Voice 2: Do you know when they are going?
Voice 1: Haven’t a clue. The division commander will hold inspections, sure as f…k, but that’s all in standby mode.
Voice 2: Is the second [BTGR] not ready yet?
Voice 1: Sure it isn’t.
Voice 2: I think it won’t be for some time. Well, like two weeks tops. Get the f…k out. We gotta f…ng figure out something.
Voice 1: I think that if there’s such a give-zero-f…s attitude – we can just get there and stand in for somebody. The same as it was in Belgorod. People are tired, they are calling from there – that sh…t’s happening, “are you coming?”. The troops are stretched along the whole border…
Voice 2: And we don’t know where exactly our guys are staying, they’re on the move…
Voice 1: And f…k if anyone tells you.
Voice 2: That’s the f…ng point. So we have to go in that group.
Voice 1: The colonel called and said: “Send the rags”. So a crate of rags will go there now. We just have to strike a deal here and… They’ll definitely get that rags somehow. Not only rags will go in that crate…
Voice 2: When will it go?
Voice 1: No clue. We stocked up the crate and now it’s on standby in the company.
Voice 2: Who gave the order to stock it up?
Voice 1: The lieutenant colonel that’s there now. He called and said: “Stock up a crate and bring me the rags”.
Voice 2: Who was it?
Voice 1: P. is there – the deputy on armaments.
Voice 2: Wasn’t he MIA?
Voice 1: Who?
Voice 2: Well, didn’t he f…ng go MIA together with G.?
Voice 1: Well, yeah…
Voice 2: Did they link up with us?
Voice 1: Yeah.
Voice 2: And they were MIA only right after the battle…
Voice 1: He went there after the battle. We came and he came only a day after.
Voice 2: First he got lost and then he linked back up.
Voice 1: Well, s…t, he probably was with the f…ng first company…
Voice 2: It’s just, yo see, they started shelling with Grads, they all f…ng scattered and then got home one by one. Well, that’s ok too. You aren’t supposed to hide from a f…ng Grad, you gotta get the f…k out of there.
Voice 1: And there were also those… Kadyrov’s [Chechen] guys.
Voice 2: The 104th regiment also got it rough, I believe… Damn, it’s so f…d up. Why are they silent? Why are they covering it up?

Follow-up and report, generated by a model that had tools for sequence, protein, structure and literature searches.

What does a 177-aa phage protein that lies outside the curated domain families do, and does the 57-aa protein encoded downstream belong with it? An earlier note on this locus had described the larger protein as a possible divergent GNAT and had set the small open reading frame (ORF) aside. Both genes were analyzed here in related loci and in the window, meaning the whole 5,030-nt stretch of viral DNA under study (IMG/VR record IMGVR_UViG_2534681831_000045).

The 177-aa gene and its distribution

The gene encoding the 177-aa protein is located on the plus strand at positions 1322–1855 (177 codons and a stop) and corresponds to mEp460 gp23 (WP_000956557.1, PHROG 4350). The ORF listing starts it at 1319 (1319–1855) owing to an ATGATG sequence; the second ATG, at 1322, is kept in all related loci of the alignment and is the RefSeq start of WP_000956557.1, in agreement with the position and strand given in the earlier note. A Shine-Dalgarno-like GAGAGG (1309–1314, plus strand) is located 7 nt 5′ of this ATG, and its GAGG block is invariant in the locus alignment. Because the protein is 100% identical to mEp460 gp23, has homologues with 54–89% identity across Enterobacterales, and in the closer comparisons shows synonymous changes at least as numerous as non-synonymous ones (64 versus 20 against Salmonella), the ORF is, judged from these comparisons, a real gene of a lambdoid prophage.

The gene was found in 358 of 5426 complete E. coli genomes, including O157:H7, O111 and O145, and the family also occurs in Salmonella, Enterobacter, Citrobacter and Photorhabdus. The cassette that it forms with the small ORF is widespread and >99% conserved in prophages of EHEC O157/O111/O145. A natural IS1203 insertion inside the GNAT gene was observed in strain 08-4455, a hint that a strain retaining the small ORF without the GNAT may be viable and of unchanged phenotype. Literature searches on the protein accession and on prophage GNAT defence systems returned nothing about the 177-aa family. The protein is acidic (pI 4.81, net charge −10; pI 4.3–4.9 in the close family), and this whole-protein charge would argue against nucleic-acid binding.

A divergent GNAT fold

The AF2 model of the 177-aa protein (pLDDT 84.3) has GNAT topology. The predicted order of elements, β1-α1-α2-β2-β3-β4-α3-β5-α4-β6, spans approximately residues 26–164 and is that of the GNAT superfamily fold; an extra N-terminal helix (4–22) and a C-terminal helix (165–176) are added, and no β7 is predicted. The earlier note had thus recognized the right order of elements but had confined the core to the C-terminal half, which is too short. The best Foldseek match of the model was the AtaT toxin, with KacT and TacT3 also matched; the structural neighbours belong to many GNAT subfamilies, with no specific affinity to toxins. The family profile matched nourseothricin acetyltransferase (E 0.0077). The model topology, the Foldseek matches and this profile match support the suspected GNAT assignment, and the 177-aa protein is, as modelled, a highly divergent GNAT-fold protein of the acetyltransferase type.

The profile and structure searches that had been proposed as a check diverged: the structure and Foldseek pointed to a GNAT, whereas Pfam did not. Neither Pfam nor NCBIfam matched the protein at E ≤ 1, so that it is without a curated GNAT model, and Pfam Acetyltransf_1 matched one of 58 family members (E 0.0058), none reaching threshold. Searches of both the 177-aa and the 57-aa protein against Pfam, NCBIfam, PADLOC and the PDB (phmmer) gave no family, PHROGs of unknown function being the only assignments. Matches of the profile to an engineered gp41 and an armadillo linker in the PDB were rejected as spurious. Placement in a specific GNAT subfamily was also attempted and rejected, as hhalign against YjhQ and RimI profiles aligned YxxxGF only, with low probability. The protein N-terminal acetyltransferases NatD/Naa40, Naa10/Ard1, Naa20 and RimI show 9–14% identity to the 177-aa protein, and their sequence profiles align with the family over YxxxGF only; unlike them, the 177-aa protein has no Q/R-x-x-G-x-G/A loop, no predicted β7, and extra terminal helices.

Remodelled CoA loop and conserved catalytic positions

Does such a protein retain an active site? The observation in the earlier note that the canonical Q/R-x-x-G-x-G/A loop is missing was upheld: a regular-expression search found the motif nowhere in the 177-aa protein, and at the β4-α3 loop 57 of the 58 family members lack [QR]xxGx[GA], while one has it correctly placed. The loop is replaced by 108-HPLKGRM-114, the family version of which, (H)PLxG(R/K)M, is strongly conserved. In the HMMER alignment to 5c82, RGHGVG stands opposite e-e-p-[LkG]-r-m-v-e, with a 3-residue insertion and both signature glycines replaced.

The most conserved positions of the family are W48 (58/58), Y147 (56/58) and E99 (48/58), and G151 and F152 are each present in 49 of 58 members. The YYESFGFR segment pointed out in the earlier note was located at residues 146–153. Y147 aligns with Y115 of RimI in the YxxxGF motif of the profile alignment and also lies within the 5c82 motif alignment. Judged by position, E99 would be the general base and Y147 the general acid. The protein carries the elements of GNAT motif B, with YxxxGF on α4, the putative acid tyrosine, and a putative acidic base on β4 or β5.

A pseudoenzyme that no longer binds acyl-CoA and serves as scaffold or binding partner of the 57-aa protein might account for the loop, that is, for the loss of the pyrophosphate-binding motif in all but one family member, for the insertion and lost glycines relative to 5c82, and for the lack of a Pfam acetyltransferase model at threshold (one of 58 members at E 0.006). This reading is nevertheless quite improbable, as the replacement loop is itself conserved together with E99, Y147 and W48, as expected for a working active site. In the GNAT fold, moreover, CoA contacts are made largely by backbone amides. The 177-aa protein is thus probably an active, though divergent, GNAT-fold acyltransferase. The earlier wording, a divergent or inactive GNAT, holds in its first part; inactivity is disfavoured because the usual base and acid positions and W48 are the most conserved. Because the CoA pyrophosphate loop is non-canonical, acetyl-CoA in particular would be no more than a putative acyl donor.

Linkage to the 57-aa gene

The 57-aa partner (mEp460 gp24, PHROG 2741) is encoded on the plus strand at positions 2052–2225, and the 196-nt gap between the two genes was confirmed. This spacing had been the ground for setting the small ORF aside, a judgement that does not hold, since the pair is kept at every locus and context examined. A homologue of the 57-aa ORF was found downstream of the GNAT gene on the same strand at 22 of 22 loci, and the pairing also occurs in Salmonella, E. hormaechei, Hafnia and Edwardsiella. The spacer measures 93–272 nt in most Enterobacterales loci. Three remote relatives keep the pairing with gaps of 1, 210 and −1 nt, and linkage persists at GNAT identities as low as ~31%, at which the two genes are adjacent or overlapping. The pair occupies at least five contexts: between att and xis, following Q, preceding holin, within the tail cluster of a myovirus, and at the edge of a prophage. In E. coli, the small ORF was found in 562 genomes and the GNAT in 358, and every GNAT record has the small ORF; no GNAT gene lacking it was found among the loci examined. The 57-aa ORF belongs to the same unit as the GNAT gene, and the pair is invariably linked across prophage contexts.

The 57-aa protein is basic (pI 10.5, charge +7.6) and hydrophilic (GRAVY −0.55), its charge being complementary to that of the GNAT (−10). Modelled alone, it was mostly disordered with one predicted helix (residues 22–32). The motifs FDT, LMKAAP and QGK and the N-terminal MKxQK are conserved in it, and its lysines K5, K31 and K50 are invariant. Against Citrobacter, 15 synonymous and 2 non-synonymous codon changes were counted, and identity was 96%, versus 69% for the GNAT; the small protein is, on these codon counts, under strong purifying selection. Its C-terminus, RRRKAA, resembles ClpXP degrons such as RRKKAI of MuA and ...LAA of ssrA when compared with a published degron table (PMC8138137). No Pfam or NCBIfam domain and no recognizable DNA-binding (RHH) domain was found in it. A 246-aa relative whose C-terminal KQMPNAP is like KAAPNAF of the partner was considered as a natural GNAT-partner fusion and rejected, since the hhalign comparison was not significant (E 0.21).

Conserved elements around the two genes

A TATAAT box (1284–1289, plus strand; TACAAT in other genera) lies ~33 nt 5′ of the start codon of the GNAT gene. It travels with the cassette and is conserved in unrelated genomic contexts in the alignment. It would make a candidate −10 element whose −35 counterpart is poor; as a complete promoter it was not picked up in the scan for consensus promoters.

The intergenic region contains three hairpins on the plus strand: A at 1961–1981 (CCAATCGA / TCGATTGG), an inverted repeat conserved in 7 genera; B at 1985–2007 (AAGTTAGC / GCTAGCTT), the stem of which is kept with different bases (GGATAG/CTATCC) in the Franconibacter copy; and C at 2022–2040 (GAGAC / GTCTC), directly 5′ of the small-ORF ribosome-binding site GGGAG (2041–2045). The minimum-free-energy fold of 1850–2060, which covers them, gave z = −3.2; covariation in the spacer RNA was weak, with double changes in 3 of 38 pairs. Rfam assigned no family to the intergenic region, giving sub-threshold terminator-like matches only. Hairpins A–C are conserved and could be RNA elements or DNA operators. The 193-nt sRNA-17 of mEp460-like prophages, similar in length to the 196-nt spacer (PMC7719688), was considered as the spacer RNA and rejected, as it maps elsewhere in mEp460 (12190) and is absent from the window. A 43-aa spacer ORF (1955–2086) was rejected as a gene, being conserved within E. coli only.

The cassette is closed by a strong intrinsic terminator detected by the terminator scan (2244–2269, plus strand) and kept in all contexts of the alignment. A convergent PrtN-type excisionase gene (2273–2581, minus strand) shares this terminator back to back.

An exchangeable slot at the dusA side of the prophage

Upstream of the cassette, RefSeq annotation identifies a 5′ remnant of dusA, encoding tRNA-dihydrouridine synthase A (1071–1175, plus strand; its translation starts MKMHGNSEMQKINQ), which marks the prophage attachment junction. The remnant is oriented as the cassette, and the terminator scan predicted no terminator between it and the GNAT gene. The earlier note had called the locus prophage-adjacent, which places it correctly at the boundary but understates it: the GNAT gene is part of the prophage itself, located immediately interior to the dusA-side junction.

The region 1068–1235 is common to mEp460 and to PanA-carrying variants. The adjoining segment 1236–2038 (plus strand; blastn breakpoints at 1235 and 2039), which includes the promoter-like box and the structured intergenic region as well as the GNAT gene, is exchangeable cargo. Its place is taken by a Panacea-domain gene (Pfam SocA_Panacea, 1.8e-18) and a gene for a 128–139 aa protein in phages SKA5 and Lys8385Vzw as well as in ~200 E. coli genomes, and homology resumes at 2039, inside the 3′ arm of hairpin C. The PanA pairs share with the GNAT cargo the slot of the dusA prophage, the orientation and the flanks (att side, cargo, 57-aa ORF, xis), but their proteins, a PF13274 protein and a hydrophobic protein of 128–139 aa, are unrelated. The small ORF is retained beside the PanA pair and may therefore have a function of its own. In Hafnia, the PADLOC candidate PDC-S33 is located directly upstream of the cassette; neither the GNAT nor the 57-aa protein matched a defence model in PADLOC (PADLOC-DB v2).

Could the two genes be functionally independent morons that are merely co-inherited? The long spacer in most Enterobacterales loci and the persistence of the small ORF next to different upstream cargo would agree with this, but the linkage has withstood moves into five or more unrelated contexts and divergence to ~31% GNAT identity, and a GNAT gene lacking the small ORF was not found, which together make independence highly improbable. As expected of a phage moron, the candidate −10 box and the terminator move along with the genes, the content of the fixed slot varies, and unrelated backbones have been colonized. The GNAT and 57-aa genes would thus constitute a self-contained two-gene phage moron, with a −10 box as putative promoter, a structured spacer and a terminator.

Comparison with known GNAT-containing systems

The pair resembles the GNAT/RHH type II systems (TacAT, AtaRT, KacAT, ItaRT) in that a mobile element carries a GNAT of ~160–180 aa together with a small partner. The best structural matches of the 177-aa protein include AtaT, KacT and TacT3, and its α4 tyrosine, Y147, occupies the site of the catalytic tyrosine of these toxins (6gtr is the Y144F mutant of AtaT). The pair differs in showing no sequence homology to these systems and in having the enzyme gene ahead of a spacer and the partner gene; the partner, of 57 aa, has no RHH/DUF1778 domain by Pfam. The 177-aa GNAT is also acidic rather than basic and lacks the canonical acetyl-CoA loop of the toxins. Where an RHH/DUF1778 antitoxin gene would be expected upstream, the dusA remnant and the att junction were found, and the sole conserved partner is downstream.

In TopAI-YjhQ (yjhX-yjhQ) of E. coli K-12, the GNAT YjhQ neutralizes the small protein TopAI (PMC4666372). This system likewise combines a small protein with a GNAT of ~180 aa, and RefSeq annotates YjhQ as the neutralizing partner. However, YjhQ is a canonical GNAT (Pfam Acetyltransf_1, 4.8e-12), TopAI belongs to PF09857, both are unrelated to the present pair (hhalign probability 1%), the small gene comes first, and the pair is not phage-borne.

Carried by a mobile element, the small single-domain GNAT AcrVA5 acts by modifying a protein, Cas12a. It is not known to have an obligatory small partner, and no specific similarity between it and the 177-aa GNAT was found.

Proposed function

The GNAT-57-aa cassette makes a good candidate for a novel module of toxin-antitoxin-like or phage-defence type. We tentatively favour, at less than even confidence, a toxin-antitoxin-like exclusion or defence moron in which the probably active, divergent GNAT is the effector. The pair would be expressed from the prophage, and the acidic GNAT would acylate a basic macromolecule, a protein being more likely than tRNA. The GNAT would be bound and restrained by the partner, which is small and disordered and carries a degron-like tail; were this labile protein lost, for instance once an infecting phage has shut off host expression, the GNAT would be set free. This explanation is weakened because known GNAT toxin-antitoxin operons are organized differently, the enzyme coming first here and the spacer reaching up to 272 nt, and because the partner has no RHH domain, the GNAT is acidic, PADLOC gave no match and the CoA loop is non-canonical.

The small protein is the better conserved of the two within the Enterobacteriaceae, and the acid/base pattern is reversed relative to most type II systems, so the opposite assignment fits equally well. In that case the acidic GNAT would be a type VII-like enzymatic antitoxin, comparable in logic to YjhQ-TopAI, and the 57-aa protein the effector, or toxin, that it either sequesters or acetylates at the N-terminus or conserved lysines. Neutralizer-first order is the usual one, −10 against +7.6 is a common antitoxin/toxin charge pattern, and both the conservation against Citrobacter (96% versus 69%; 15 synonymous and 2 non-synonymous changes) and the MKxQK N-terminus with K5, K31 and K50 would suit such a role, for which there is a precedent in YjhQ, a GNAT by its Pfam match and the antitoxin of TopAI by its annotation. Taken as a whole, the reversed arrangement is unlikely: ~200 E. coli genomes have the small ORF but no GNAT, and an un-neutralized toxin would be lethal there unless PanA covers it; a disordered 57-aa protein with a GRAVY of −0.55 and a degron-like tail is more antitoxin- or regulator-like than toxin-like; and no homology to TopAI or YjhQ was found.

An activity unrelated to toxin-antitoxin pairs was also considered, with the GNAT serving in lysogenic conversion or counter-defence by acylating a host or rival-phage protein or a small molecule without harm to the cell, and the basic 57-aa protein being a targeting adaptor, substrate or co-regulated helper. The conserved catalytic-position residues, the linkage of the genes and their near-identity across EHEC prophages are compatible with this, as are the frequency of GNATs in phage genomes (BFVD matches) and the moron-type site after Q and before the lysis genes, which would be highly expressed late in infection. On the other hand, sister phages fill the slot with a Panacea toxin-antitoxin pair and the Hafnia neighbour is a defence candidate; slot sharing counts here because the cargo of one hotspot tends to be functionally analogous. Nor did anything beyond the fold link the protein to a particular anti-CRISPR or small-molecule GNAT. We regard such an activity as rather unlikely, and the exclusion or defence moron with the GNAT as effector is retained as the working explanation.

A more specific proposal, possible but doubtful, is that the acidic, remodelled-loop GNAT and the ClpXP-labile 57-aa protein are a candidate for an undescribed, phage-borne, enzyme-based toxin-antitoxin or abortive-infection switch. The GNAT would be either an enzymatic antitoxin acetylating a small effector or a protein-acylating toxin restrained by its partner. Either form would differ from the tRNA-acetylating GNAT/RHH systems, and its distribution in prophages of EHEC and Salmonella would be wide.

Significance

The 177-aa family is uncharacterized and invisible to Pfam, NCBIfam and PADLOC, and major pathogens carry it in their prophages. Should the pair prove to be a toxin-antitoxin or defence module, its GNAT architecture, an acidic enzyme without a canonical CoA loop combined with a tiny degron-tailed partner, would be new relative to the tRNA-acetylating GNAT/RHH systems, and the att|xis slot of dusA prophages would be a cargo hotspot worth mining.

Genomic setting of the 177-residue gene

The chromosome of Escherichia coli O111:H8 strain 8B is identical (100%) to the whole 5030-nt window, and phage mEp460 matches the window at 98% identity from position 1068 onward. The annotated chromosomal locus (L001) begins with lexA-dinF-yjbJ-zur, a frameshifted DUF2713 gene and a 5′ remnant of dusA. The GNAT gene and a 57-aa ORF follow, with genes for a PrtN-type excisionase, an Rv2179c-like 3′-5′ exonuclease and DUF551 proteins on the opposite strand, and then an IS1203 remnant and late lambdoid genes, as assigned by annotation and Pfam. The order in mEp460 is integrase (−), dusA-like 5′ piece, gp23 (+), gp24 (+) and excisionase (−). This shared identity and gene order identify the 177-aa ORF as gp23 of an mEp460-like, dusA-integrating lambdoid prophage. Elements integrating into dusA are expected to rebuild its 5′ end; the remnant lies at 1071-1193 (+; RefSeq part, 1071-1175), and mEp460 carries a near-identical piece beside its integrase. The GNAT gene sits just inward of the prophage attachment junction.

Voice 1: They are just like those f…ng Americans. First they covered up those f…ng refugees. “There are no refugees”, they said, “they are visiting their relatives”. 300 thousand – that’s some visit to relatives in Russia… [a reference to the US State Department comments in June regarding refugees from the war zone] And now we are also doing the same: “Hey, what papers?” [possible reference to the capture of a Russian fighting vehicle with papers by Ukrainian forces]
Voice 2: I see…
Voice 1: Well, you know, I actually like that I came. F…k that s…t.
Voice 2: I’m happy I didn’t go for f…ng contract service. That’s what makes me happy. I wanted to switch quickly. You see, the switch would only get me f…ng there.
Voice 1: A guy of ours signed the contract and at the same day when his contract order came he f…ng went there, I was fucking shocked. He probably already got his deal there. He’s probably looking for someone to file a resignation to, and there’s no one there.
Voice 2: See, they can’t f…ng do anything. They can’t get the f…k out of there on their own. What do they tell them?
Voice 1: F…k if I know what they tell them.
Voice 2: They probably tell them that it’s a combat operation and shit and if you f…ng get away we’ll f…ng do with you. So there’s that.
Voice 1: The papers actually say they’re on exercises.
Voice 2: Do they know it if they are f…ng there?!
Voice 1: They could have told… Well, if they got their phones seized and told to f…ng tell no one. Someone has to have sneaked a phone. If they go online, to Vkontakte [Russian social network] or something – they’ll get nailed there.
Voice 2: F…k Vkontakte. They still could f…ng let their folks know. I’d find any connection there. I’d f…ng find it and call home.
Voice 1: They are being wired and they are told not to blabber the f…k out anything?
Voice 2: F…k the wire. I’d say: F…k it. It’s not a covert war – it’s a f…up. Our guys are dying and we are silent about it. Why the f…k ?
Voice 1: Did they also silence Leny’a wife?
Voice 2: I believe so, s…t. Because she got her phone seized, some man lifted the handle, told everyone “I’m Lenya”. F…k, if I saw him I’d f…k his face up.
Voice 1: Lenya is f…ng buried already.
Voice 2: Lenya almost lost his legs, so to say… I talked with a guy who was in the middle of that f…ng battle.
Voice 1: All right, bro… See you.
Source: Pskovskaya Guberniya
Translated by Kirill Mikhailov